• Report this Comment On December 02, 2009, at 3:25 PM, thetucket wrote:

    I've got to disagree with bigtay6187. While it is certainly true that Best Buy generally has more knowledgeable customer service reps than does WalMart, not everyone is interested in obscure electronics tutorials or the prospect of being sold up a few price points. In those product categories in which Best Buy and WalMart really compete (and certainly they do not do so in every electronics category, since WalMart's selection is generally less robust and lower-end) WalMart will continue to offer at least marginally lower prices, and that's hard to beat.

    Never underestimate the casual and uninformed electronic consumer's thirst for the sign that reads $0.99 cents over the one the reads $1.00--especially when nervously Christmas shopping for some wish-list gadget for her son that won't eat too far into this week's unemployment check.

    The shoppers drawn to WalMart are bound to be less interested in all of the techie details and more interested in getting a good deal; and these days, I think people have no choice but to go for the deal.

    I think at the slightly higher end of the market (for the slightly more sophisticated yet still budget-conscious electronics consumer) Best Buy should definitely make some inroads with their "connectivity" model, especially as life morphs into a growing web of vital gadgets and e-services that we'll increasingly need to seamlessly interface with one another. That kind of product and service bundling will have to become standard industry practice, and Best Buy is right to lead the way.

  • Report this Comment On December 02, 2009, at 3:26 PM, thetucket wrote:

    I've got to disagree with bigtay6187. While it is certainly true that Best Buy generally has more knowledgeable customer service reps than does WalMart, not everyone is interested in obscure electronics tutorials or the prospect of being sold up a few price points. In those product categories in which Best Buy and WalMart really compete (and certainly they do not do so in every electronics category, since WalMart's selection is generally less robust and lower-end) WalMart will continue to offer at least marginally lower prices, and that's hard to beat.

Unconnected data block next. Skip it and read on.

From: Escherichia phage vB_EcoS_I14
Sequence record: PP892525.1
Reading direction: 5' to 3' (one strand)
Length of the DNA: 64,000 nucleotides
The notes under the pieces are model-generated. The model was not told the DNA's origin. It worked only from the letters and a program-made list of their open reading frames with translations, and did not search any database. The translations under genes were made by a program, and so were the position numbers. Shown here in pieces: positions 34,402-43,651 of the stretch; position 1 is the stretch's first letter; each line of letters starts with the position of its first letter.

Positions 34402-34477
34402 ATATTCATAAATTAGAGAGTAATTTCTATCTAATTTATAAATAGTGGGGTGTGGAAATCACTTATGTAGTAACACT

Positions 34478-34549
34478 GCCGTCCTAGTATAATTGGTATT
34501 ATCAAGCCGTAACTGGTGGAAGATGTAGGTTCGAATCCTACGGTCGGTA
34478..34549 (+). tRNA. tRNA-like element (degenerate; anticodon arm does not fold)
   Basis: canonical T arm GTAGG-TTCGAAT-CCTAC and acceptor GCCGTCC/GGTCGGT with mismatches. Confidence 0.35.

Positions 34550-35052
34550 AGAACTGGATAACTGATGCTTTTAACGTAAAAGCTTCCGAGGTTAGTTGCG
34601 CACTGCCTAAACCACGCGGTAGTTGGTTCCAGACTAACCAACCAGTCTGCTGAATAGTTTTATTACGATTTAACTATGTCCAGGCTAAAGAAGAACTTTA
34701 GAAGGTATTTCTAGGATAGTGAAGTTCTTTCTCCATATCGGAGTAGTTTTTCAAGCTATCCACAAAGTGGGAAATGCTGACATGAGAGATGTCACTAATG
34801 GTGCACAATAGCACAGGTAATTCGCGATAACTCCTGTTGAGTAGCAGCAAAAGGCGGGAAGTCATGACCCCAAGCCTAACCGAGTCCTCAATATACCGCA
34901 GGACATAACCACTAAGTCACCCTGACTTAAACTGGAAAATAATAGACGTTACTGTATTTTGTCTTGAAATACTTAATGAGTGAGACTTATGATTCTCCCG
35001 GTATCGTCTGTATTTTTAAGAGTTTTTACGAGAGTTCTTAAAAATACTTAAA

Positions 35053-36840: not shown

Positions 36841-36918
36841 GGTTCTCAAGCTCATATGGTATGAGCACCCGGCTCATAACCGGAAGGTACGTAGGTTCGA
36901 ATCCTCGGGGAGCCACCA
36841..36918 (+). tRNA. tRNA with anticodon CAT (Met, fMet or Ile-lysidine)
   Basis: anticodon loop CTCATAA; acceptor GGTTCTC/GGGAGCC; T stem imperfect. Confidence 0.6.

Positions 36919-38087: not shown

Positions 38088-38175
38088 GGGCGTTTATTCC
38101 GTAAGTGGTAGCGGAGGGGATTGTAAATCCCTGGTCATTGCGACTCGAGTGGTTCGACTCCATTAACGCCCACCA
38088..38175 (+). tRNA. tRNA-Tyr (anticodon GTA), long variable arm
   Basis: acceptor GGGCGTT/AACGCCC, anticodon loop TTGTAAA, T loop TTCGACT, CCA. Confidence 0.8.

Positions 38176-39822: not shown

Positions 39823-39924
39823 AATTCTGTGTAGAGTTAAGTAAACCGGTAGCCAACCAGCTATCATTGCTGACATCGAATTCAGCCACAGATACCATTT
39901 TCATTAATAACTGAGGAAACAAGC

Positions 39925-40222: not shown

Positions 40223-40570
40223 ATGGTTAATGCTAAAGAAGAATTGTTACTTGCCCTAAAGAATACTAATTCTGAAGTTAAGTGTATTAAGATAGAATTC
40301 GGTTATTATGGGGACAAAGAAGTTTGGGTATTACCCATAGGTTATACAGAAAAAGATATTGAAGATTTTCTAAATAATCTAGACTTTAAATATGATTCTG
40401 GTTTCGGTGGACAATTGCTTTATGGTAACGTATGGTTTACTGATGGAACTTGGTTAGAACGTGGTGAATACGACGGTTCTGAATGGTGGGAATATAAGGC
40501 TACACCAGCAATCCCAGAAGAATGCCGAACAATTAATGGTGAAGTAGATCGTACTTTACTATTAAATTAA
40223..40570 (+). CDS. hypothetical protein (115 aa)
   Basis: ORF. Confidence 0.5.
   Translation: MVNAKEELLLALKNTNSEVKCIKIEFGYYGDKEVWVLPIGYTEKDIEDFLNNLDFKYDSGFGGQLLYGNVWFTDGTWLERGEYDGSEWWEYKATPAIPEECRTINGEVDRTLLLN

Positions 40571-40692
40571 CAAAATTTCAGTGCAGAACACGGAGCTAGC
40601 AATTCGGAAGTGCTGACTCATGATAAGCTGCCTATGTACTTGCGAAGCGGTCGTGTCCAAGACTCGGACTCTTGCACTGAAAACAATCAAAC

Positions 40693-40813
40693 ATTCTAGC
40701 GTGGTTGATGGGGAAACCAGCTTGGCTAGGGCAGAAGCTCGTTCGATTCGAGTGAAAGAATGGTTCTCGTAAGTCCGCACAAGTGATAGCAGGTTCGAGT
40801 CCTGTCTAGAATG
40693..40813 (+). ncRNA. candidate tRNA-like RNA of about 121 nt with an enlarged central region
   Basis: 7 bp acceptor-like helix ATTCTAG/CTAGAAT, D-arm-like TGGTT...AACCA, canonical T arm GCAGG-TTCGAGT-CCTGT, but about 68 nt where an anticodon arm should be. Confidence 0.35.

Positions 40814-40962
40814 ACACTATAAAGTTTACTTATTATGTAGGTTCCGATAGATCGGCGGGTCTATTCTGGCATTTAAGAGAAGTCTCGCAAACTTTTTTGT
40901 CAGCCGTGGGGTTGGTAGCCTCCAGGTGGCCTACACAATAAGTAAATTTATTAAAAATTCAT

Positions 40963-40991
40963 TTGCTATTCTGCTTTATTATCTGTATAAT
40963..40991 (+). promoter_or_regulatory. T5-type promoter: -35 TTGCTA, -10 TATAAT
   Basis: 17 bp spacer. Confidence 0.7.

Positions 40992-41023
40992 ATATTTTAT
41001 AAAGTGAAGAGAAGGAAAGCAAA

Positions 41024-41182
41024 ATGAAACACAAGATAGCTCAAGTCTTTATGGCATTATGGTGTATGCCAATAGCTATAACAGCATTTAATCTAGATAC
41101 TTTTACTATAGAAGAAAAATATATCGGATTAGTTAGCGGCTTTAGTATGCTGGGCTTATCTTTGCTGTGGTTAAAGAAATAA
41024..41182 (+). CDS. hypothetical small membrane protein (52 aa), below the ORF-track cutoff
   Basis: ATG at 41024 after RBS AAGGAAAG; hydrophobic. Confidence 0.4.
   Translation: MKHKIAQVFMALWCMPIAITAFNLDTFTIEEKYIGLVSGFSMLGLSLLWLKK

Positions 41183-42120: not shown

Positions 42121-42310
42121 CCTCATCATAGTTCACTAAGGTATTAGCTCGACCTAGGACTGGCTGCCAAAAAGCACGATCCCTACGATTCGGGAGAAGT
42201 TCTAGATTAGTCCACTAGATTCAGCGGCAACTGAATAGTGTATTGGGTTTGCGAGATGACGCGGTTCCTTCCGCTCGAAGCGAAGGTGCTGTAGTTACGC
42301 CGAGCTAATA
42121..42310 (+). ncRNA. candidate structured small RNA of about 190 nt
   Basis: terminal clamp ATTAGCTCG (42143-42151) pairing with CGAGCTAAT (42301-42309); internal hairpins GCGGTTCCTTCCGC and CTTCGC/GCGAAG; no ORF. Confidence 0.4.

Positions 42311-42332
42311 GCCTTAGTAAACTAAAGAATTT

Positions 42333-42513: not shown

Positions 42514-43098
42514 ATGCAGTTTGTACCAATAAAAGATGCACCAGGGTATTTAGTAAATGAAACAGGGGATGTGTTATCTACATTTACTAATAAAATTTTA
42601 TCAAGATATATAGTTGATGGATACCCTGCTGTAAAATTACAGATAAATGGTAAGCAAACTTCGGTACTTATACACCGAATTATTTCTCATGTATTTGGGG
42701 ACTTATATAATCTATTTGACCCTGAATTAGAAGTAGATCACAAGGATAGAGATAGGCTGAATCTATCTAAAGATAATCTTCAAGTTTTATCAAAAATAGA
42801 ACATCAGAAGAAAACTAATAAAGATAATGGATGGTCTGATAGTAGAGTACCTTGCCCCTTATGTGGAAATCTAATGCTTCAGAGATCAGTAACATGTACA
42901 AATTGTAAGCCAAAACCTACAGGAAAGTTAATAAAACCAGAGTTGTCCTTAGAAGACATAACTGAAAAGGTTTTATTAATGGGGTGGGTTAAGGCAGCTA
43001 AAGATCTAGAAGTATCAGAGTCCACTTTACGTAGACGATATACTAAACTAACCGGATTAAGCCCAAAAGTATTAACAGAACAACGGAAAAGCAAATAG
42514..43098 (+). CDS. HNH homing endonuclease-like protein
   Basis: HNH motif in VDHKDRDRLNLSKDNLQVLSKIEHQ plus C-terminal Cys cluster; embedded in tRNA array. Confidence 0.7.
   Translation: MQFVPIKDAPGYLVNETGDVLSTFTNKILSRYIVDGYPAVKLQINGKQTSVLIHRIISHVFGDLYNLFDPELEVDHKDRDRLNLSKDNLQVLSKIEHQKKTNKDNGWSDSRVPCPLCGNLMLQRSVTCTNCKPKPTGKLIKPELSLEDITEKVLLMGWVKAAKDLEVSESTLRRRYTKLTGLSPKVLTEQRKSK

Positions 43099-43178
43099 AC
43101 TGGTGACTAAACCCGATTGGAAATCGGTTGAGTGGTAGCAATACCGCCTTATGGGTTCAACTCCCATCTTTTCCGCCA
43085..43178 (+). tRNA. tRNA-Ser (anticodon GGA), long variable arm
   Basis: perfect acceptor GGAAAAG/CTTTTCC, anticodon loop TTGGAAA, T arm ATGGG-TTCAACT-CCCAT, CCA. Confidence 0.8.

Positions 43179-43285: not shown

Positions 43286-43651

Never underestimate the casual and uninformed electronic consumer's thirst for the sign that reads $0.99 cents over the one the reads $1.00--especially when nervously Christmas shopping for some wish-list gadget for her son that won't eat too far into this week's unemployment check.

    The shoppers drawn to WalMart are bound to be less interested in all of the techie details and more interested in getting a good deal; and these days, I think people have no choice but to go for the deal.

    I think at the slightly higher end of the market (for the slightly more sophisticated yet still budget-conscious electronics consumer) Best Buy should definitely make some inroads with their "connectivity" model, especially as life morphs into a growing web of vital gadgets and e-services that we'll increasingly need to seamlessly interface with one another. That kind of product and service bundling will have to become standard industry practice, and Best Buy is right to lead the way.

  • Report this Comment On December 02, 2009, at 3:40 PM, plange01 wrote:

    walmart has very little in the way of electronics and is no match at all for bestbuy in this area.these two companys dont compare they are in differant business...

Add your comment.

Sponsored Links

Leaked: Apple's Next Smart Device
(Warning, it may shock you)
The secret is out... experts are predicting 458 million of these types of devices will be sold per year. 1 hyper-growth company stands to rake in maximum profit - and it's NOT Apple. Show me Apple's new smart gizmo!

DocumentId: 1056870, ~/Articles/ArticleHandler.aspx, 11/25/2014 6:33:02 PM

Report This Comment

Use this area to report a comment that you believe is in violation of the community guidelines. Our team will review the entry and take any appropriate action.

Sending report...


Advertisement